TWO MEN AND A TUDOR MAP by Patrick Fletcher and Allan Mackenzie
We first met to discuss old maps acquired from the East Sussex Record Office. Allan was interested in the oldest, dating from 1595. It showed a line around the Heathfield and Burwash Downs, common land situated between Burwash and Heathfield. There were houses with the names of people who lived in them just outside the common land boundary also a beacon and a pound for lost animals. The map on the left show the western part of the Heathfield Down.
The idea came to us that we could try to find the boundary and the features shown on the map and locate them in today’s landscape. Amazingly, it seems to us looking back, this we were largely able to do. Mostly, we either found the remains of a hedgerow, or a stream, that had been used over 400 years ago to mark out the boundary between common and private land. Where a hedgerow had been removed we used more recent maps such as the Heathfield and Burwash tithe maps to find where it had been.
We have to credit the unknown map maker, Henry Allen of Tonbridge, for our success. His map was remarkably accurate. It was drawn for Sir Thomas Pelham who had recently acquired ownership of the land. He and his early successors enclosed some of the common land, mostly in the Burwash Down.
Using the map, we found the site of a long-lost beacon, used to warn of the coming of the Spanish Armada. Another map, dated 1610, shows it between Burwash and Heathfield. It is shaped like a tower, quite a rare form of beacon we think. It signalled to the next beacon westwards at Cross in Hand.
Using an overlay technique and anecdotal evidence from a resident who previously lived on the site we were able to pinpoint the location of the beacon.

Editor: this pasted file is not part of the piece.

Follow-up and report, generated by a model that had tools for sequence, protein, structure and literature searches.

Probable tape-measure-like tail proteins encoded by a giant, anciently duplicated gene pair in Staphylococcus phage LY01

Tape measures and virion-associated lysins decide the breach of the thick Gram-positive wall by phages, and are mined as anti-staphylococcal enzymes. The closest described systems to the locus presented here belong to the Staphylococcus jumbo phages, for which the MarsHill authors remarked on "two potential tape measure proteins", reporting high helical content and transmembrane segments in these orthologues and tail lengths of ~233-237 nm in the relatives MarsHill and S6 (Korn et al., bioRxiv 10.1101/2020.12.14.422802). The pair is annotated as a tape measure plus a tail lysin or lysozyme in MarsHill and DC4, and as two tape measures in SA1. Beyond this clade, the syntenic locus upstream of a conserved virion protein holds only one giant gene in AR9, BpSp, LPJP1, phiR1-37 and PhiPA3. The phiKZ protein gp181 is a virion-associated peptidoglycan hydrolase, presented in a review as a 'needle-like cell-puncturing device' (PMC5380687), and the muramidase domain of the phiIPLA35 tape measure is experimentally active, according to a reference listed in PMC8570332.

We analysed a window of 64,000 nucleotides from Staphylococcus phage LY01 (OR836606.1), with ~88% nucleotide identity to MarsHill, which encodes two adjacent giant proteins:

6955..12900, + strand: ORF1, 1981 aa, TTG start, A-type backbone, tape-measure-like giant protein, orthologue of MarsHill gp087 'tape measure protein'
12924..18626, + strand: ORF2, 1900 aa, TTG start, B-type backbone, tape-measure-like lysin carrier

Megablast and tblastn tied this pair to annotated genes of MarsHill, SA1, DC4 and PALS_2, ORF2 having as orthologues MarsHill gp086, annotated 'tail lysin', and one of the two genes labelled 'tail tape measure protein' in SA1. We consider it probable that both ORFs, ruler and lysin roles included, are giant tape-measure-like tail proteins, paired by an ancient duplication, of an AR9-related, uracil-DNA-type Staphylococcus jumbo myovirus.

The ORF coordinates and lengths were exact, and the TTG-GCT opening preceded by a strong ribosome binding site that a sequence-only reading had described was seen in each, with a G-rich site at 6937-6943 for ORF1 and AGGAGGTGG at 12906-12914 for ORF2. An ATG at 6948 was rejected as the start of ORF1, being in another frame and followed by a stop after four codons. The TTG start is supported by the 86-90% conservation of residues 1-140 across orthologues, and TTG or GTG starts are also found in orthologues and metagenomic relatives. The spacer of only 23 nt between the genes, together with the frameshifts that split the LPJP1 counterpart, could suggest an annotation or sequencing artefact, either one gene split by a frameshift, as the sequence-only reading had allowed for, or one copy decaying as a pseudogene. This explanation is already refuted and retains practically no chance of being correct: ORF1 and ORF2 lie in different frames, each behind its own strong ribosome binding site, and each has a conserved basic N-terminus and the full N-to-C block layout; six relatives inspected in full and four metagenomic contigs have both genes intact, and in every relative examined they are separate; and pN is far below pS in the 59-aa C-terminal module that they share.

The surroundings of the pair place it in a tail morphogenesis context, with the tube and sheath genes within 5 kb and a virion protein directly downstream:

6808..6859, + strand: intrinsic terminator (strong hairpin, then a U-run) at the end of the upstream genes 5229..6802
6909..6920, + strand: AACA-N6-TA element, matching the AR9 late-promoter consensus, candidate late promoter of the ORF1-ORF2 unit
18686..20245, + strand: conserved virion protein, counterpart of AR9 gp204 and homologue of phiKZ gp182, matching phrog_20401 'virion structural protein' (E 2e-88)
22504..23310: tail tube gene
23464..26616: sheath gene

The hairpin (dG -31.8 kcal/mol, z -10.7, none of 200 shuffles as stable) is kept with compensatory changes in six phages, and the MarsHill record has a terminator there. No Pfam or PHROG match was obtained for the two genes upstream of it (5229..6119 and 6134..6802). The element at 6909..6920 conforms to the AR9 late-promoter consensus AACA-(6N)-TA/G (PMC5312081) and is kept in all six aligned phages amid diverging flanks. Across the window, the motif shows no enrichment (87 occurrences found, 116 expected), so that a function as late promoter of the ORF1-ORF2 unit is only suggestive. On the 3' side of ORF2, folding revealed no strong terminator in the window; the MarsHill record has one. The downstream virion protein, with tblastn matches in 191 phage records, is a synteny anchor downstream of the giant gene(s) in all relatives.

Below is a photo of Allan standing in front of what is left of the base of the beacon.
We had some strokes of luck. Despairing of finding the animal pound in an untidy patch of wasteland strewn with rubble, we found on our next visit the site was full of trenches dug for a housing development enabling us to view layers of soil and find evidence of what the animals in the pound had left behind them! Allan found a copy of a painting by Turner at home showing the Heathfield Down, complete with rabbits, as it was in 1816. The owner of the oldest house still standing drawn on the map, probably dating from 1475, was kind enough to allow us in to look around and take photos. A murder, the Duke of Windsor and the mafia also feature.
The book was written as an afterthought but, we hope, provides encouragement to others interested in our local history.
The authors are Allan Mackenzie, who is a sculptor, and Patrick Fletcher, a retired educational psychologist.
The paperback costs £19.99, the kindle ebook is £1.99, both from Amazon. It is lavishly illustrated with maps and photos.